Saturday, June 27, 2009


If writing were only writing, I'd probably have penned fifteen novels by now. But then, it's not. It's research, observation and editing as well. And that research in particular can be a real time-eater. All it takes is for me to think, "Hmm... would they have needed a key to start their car in 1932?" And then there I am for the next hour, getting to know Google better than my next door neighbor, overloading my brain with all sorts of information that's interesting, yes, but does not in any way answer my question.

This may be the information age, but it's amazing how difficult it can be to hunt down one small, but very specific, piece of information.

Over my short time in writing I've scoured the internet for things such as when lemonade became popular, what an early-1900's jailhouse window would look like, how people felt about the war before America became involved, whether or not women in the 1930's wore slips, and what time of year green beans are in season.

It's amazing how little I really know!

Thankfully, other people know stuff. And I depend on them to write the books and articles that help me write more books. So I'm actually rather grateful that I can get lost in a land of search engines and discover things like whether or not women commonly wore taffeta in 1939.

Which reminds me... time to take another spin on Google.

Thursday, June 18, 2009

In Comes The Heat...

... out come the good old summer-reading books. You know, the ones I can read without thinking too much. When I was a kid it was Nancy Drew, books I'd already read and wanted to read again, and Archie comics. (And just for the record, Archie should never have proposed to Veronica!) Toss in some bare feet, a seat on the porch, and a Fla-Vor-Ice, and life was good.

Now that I'm well into adulthood, I tend to do something similar. I'll re-read my Victoria Holt's or scan the library shelves for anything clad in old sixties or seventies library binding. And my Fla-Vor-Ice is replaced by something chocolate.

So I'm not entirely sure how I ended up reading freaky, nightmare-inducing novels this summer, but I have, and I've got the strange dreams to go along with them. I've been spending a lot of time with books by Ted Dekker, king of Christian creep-me-out fiction. And now I'm just making my way into Valley Of The Shadow, Tom Pawlik's sequel to Vanish. Great reads, but definitely not soft and fluffy.

Which makes it necessary for me to throw in something to lighten up my summer relaxing. Next on my shelf is a change of pace in Eva Marie Everson's Things Left Unspoken and Rene Gutteridge's Scoop. And I hope to discover a few new gems this season out of the deepening pool of Christian authors.

Beach books, however, are a different breed entirely. For me, great seaside reading has to have some suspense to it along with a mysterious setting. If there are unusual locations, stormy days and thick mists, we're getting somewhere. Think Mary Stewart or Phyllis Whitney. The problem is finding some I haven't read. There's nothing worse than carting a stack of library books to the beach only to realize I've read all but two of them.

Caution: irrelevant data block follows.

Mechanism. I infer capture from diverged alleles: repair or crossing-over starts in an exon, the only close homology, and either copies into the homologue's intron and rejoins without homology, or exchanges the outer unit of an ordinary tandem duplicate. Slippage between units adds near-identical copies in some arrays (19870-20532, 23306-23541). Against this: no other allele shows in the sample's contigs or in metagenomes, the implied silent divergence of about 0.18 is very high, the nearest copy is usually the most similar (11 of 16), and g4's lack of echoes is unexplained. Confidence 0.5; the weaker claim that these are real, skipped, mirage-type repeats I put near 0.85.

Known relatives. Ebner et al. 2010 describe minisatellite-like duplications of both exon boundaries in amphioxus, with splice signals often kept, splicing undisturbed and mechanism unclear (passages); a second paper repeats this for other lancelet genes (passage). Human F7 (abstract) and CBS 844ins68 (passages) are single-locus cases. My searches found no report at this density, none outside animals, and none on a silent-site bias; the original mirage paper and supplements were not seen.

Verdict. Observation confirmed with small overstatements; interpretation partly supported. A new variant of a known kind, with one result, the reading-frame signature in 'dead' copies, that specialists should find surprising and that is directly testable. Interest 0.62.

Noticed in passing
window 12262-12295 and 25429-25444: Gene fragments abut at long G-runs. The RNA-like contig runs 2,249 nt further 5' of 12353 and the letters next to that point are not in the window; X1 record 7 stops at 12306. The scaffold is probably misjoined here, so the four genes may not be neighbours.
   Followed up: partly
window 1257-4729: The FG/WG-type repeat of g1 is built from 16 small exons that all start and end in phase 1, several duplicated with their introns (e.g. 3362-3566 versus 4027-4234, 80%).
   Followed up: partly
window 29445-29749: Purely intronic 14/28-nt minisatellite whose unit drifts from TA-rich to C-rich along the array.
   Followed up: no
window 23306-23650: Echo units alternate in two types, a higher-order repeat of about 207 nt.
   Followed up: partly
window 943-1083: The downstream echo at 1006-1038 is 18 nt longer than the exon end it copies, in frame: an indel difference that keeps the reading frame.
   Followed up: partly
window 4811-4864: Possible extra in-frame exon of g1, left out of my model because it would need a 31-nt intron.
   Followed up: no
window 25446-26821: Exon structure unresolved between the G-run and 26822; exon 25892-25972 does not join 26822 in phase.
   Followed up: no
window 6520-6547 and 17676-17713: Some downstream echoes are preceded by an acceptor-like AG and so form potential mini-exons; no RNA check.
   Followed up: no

So any suggestions you have, pass them on. I'm desperately seeking new material... and looking forward to enjoying some happy summer reading.

I hope you do the same!

Saturday, June 13, 2009

Believing Is Seeing

Anyone who knows me knows I'm a ridiculous hockey fan, and now that my Pittsburgh Penguins have won the prized Stanley Cup, you'll have to excuse me for using this space to celebrate. I'm just a little excited.

But what makes it even more fantastic is the dramatic way the Penguins made it to the top this year, like one of those sports-themed movies with the high-powered soundtrack and Kleenex moments.

Just last year, they suffered a hugely disappointing loss in the Stanley Cup finals against the Detroit Red Wings and were relegated to watching their opponents celebrate on Pittsburgh ice. That was followed up with the off-season departure of some of their key players for other teams and the fact that many in the hockey world had written them off before the season even began.

By mid-season, it seemed the naysayers knew what they were talking about. The Penguins were several points out of playoff contention, struggling to string together even two wins in a row. Injuries had forced them to shuffle the lineup, and the forecast for failure seemed all too real.

But that all started to change with the arrival of a rookie coach - a lower leaguer who sported a completely different approach to hockey and a ton of optimism - and a few, highly undervalued players acquired from other teams. And suddenly the tide began to turn. Disappointment and doubt were replaced by increasing belief, and the team eventually found themselves not only in the playoffs but moving deeper and deeper into them on the back of solid teamwork and plenty of fight.